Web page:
Cerebral palsy, or CP, is a developmental illness in babies that can be caused by abnormal brain development or brain injury sustained before, during, or soon after birth. This damage affects the child’s ability to control his or her muscles; in fact, ‘cerebral’ means ‘of the brain’ and ‘palsy’ means a lack of muscle control.
There are several known causes of abnormal brain development and brain injury. In the past, it was believed that it was caused by a lack of oxygen during birth, but several risk factors, as well as pre- and post-delivery complications, can cause cerebral palsy. If your child or someone you know suffers from cerebral palsy, speak with a member of our birth injury team at (800) 222-9529. We are here to help you learn more about identifying the cause of the illness, determining who, if anyone, was responsible for causing it, collecting the evidence needed to build a case, and pursuing the compensation that you may be legally entitled to.
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What is Cerebral Palsy?
Cerebral palsy is a physical disability that can affect your movement and posture. In the United States, a child with cerebral palsy is born every hour, and it is the most commonly occurring childhood physical disability. Over 800,000 people in the United States and 17 million people worldwide live with cerebral palsy, representing an untold amount of pain, suffering, stress, and missed opportunities, not to mention medical bills, doctor’s visits, special care costs, and more.
For most people, the cause of cerebral palsy is unknown, and there is no known cure for this illness. However, cerebral palsy is classified into two main types, as below.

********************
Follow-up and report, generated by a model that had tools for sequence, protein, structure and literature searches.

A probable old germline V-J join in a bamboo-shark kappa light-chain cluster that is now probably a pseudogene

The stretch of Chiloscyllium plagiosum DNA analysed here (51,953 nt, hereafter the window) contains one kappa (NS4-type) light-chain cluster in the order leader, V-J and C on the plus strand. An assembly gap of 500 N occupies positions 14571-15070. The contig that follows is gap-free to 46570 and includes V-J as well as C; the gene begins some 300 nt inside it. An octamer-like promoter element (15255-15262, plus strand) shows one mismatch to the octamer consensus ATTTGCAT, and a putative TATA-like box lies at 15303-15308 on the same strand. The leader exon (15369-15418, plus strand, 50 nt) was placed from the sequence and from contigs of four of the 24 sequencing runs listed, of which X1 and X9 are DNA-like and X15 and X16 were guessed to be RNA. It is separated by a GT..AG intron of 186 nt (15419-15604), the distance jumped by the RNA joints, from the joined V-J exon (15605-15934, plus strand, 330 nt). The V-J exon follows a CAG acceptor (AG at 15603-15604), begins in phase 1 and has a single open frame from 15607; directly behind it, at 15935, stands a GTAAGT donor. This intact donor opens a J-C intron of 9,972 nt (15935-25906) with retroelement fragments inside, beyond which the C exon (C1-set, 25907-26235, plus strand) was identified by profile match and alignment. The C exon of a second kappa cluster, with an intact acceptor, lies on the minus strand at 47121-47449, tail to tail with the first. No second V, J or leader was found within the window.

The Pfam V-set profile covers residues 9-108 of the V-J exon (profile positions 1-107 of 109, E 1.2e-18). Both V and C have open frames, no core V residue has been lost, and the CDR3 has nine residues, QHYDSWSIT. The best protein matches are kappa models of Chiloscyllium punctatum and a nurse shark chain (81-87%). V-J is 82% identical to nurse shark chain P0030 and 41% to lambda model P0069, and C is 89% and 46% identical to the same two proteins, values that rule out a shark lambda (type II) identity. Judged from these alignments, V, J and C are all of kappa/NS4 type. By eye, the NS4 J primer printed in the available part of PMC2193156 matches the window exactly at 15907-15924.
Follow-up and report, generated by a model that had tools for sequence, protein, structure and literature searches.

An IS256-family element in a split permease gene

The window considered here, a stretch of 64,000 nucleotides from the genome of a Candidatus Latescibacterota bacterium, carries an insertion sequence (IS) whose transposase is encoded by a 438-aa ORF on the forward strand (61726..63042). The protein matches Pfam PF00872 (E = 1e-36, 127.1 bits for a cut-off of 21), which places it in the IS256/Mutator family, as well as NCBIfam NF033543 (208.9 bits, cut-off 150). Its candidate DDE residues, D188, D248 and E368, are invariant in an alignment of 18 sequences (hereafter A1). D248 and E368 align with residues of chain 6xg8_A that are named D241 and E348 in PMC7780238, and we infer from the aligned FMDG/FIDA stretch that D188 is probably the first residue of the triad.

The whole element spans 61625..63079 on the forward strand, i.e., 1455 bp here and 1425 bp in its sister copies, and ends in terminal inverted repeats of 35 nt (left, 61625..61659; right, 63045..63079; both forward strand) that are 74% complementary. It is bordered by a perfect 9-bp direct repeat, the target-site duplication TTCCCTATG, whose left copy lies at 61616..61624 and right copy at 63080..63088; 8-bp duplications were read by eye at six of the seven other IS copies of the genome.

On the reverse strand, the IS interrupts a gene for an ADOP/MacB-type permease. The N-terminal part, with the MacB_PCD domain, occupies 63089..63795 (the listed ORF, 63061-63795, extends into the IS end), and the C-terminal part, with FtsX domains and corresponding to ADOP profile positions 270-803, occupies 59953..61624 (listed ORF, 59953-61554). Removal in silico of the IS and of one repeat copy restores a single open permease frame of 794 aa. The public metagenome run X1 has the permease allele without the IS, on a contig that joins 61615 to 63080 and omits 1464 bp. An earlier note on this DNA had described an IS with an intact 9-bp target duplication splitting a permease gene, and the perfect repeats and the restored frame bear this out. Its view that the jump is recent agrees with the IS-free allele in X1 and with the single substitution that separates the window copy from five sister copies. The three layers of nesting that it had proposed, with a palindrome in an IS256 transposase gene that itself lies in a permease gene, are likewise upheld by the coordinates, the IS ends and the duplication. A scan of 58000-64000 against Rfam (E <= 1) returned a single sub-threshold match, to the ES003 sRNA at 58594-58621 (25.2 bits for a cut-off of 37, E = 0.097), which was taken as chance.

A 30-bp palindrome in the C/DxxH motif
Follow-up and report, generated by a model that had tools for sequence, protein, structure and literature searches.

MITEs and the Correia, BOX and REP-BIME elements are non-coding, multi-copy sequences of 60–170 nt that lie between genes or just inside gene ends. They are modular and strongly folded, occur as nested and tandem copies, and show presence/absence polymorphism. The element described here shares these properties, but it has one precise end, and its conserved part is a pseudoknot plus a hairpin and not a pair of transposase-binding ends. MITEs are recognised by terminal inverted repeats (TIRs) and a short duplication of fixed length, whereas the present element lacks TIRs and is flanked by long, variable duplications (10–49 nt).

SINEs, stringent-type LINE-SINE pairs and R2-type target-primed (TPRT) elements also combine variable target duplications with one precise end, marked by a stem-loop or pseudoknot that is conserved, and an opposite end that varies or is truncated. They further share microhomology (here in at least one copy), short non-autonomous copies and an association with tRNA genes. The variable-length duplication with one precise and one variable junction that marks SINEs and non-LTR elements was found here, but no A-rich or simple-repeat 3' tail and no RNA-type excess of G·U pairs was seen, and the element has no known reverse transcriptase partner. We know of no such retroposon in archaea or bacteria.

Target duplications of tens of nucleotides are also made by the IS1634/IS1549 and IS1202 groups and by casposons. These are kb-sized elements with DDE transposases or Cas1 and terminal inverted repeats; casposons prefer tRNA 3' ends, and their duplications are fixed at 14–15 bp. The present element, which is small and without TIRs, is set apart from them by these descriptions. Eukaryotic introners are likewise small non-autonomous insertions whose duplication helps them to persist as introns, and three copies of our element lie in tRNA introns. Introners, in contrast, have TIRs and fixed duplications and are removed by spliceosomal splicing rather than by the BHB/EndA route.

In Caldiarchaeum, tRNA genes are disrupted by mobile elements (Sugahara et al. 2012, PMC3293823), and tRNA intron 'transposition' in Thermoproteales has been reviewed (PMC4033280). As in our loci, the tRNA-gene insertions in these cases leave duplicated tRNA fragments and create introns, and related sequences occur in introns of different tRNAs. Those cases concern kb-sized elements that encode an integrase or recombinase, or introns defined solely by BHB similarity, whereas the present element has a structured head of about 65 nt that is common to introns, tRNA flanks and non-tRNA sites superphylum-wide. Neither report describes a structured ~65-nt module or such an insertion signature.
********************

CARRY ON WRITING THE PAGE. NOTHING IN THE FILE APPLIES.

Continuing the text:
Congenital Cerebral Palsy
This pertains to brain damage that occurred before or during birth. Most cerebral palsy cases (between 85% and 90%) are congenital.
Acquired Cerebral Palsy
Some cerebral palsy cases are caused by brain damage that is sustained during or after birth. Known as acquired cerebral palsy, this type of cerebral palsy is usually caused by an infection or a head injury.
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Who Is at the Greatest Risk for Cerebral Palsy?
While there are many different contributing factors to cerebral palsy, four groups have the statistically highest risk of developing this debilitating illness.
- Males: Males are at a much greater risk of developing cerebral palsy than females.
- Premature babies: Premature birth is correlated with higher cerebral palsy incidence.
- Infants with low birth weight: Babies that are smaller at birth tend to have higher rates of cerebral palsy.
- Multiple births: Children born as one of multiple children in the same pregnancy exhibit higher rates of cerebral palsy than children born in single-child pregnancies.
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Preventing Cerebral Palsy
The causes of congenital cerebral palsy are not fully understood and there is not much you can do to prevent it. However, when it comes to acquired cerebral palsy, there are many things you can do before, during, and after pregnancy and delivery of the baby to lower the risk of developing acquired cerebral palsy since it is often caused by infection, injury, or medical negligence, and these are factors that can be, or at least should be, prevented.